I was not making reference to a simple overpainting with thicker paint over existing cracks. As the oils dry out, and the canvas expands and contracts as all canvas do, the spiral cracks will be repeated in the new layer. I was refering to a more elaborate repair job-although it would be experimental (I agree with Einion that for all practical purposes cracks are not repaired). What you are making reference to is simply a cheap and dirty overpainting which could easily be done in a few hours. Have at it. Have fun. Maybe that is enough to satisfy your friend.
You might consider using an alkyd resin mixed in with your paint, alkyd is extremely resistant to cracking and is more flexible than oil by itself. It might delay repeat cracking some number of years. I would also steel wool the surface of the sky before proceeding to rid yourself of dirt, grime, etc. to allow for a better bond.

04-20-2007, 01:37 PM
OK, Einion, I need to re-word this. Is there a way to camouflage and or hide the cracks in the original oil so that it will look good for another 4-5 years?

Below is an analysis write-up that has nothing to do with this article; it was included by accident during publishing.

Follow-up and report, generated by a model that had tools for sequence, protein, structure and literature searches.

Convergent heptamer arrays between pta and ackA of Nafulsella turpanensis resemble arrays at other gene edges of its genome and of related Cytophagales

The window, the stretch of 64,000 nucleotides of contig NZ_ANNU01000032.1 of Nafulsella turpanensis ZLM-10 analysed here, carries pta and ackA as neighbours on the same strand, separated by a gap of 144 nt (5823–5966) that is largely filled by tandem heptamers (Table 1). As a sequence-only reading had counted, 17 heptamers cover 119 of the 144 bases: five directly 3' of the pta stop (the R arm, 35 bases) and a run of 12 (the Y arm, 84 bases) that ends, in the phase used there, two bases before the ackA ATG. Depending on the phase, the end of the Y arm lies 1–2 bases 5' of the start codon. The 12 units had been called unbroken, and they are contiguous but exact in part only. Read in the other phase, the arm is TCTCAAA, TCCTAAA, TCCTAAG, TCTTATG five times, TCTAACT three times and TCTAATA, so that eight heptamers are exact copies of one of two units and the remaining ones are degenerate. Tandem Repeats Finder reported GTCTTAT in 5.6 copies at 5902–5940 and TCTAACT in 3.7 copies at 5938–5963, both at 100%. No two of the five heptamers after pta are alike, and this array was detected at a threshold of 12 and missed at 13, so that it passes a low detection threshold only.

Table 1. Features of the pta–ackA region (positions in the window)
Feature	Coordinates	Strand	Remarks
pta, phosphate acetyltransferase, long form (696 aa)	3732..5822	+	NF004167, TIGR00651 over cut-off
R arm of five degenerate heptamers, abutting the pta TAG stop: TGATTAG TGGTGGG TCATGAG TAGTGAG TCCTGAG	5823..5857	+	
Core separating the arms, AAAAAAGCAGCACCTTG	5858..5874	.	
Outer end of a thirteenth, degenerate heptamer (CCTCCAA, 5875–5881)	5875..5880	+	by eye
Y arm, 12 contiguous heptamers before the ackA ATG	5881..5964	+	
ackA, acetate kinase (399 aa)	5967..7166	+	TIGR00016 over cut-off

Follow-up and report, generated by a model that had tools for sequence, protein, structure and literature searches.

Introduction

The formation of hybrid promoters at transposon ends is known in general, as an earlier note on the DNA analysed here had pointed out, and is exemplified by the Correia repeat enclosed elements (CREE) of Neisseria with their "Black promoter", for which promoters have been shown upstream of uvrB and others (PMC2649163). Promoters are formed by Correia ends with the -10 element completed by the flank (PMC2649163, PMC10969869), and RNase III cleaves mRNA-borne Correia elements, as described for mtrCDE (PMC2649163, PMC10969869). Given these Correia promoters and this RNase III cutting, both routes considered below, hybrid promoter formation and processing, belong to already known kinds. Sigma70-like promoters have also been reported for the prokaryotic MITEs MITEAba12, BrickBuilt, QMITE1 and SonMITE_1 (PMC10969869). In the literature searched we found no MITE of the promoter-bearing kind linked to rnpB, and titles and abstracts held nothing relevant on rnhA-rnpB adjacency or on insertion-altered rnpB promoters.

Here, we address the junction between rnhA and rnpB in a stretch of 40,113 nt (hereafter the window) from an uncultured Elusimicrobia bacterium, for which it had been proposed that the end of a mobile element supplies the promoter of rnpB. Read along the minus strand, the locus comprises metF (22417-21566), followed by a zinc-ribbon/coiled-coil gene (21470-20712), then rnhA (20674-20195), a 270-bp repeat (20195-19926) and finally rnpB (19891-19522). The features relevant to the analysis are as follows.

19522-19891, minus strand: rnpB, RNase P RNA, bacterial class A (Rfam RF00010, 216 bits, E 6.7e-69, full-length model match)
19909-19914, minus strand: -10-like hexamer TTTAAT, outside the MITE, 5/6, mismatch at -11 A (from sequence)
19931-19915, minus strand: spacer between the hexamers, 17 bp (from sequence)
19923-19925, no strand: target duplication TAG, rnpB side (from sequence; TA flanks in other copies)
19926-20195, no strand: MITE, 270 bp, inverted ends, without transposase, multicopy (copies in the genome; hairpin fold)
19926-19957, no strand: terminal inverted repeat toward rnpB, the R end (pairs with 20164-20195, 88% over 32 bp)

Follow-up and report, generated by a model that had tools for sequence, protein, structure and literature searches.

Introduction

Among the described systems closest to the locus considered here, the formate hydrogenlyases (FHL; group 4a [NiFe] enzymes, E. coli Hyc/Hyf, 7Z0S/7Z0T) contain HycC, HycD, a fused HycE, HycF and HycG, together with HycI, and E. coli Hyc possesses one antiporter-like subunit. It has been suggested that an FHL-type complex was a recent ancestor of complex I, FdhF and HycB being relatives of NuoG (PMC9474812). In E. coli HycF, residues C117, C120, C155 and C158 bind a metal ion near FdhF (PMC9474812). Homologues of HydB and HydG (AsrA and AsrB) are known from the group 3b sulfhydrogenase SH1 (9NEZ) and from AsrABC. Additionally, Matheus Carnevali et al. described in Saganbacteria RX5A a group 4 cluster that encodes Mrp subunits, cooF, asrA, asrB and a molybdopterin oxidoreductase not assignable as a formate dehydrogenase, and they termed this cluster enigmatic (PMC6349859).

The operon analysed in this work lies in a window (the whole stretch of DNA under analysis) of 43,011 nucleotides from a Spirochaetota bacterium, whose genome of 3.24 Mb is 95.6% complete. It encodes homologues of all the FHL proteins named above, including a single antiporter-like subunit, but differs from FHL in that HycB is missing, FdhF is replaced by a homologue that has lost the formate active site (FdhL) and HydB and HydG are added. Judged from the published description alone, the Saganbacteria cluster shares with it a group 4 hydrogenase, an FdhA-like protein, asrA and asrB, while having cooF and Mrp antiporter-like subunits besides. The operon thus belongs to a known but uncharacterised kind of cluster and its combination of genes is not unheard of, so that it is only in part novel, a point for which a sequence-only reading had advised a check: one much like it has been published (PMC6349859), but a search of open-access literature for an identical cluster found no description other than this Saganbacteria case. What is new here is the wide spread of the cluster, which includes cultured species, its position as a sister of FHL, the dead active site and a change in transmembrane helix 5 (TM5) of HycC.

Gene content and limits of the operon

Er, well if that's all you're looking for then maybe, but it would depend a bit on the three-dimensional aspects of the cracks. Painting over with more paint might just make for softer-looking effects, while it still appears there's something wron. What I'm suggesting is that it might look like in baking where you put a thin layer of icing over a cake surface that's rough - you can still see that roughness under the sheet of icing.

Anyway, if you want to attempt this - for this kind of limited lifespan - I would take the canvas off the stretchers and bond it to a rigid support (ply, MDF) as the first step. That would be the only way to ensure there's no flexing due to humidity changes that will transmit the existing cracks through to the new paint when hardened.

(IT WILL NOT take me a hundred hours, kazucks- I predict it will take two hours)
In conservation cracks are dealt with by inpainting, which is done meticulously and sometimes under a stereo microscope :)


Simon Bland
04-20-2007, 02:18 PM
I like the idea of getting it onto a rigid support.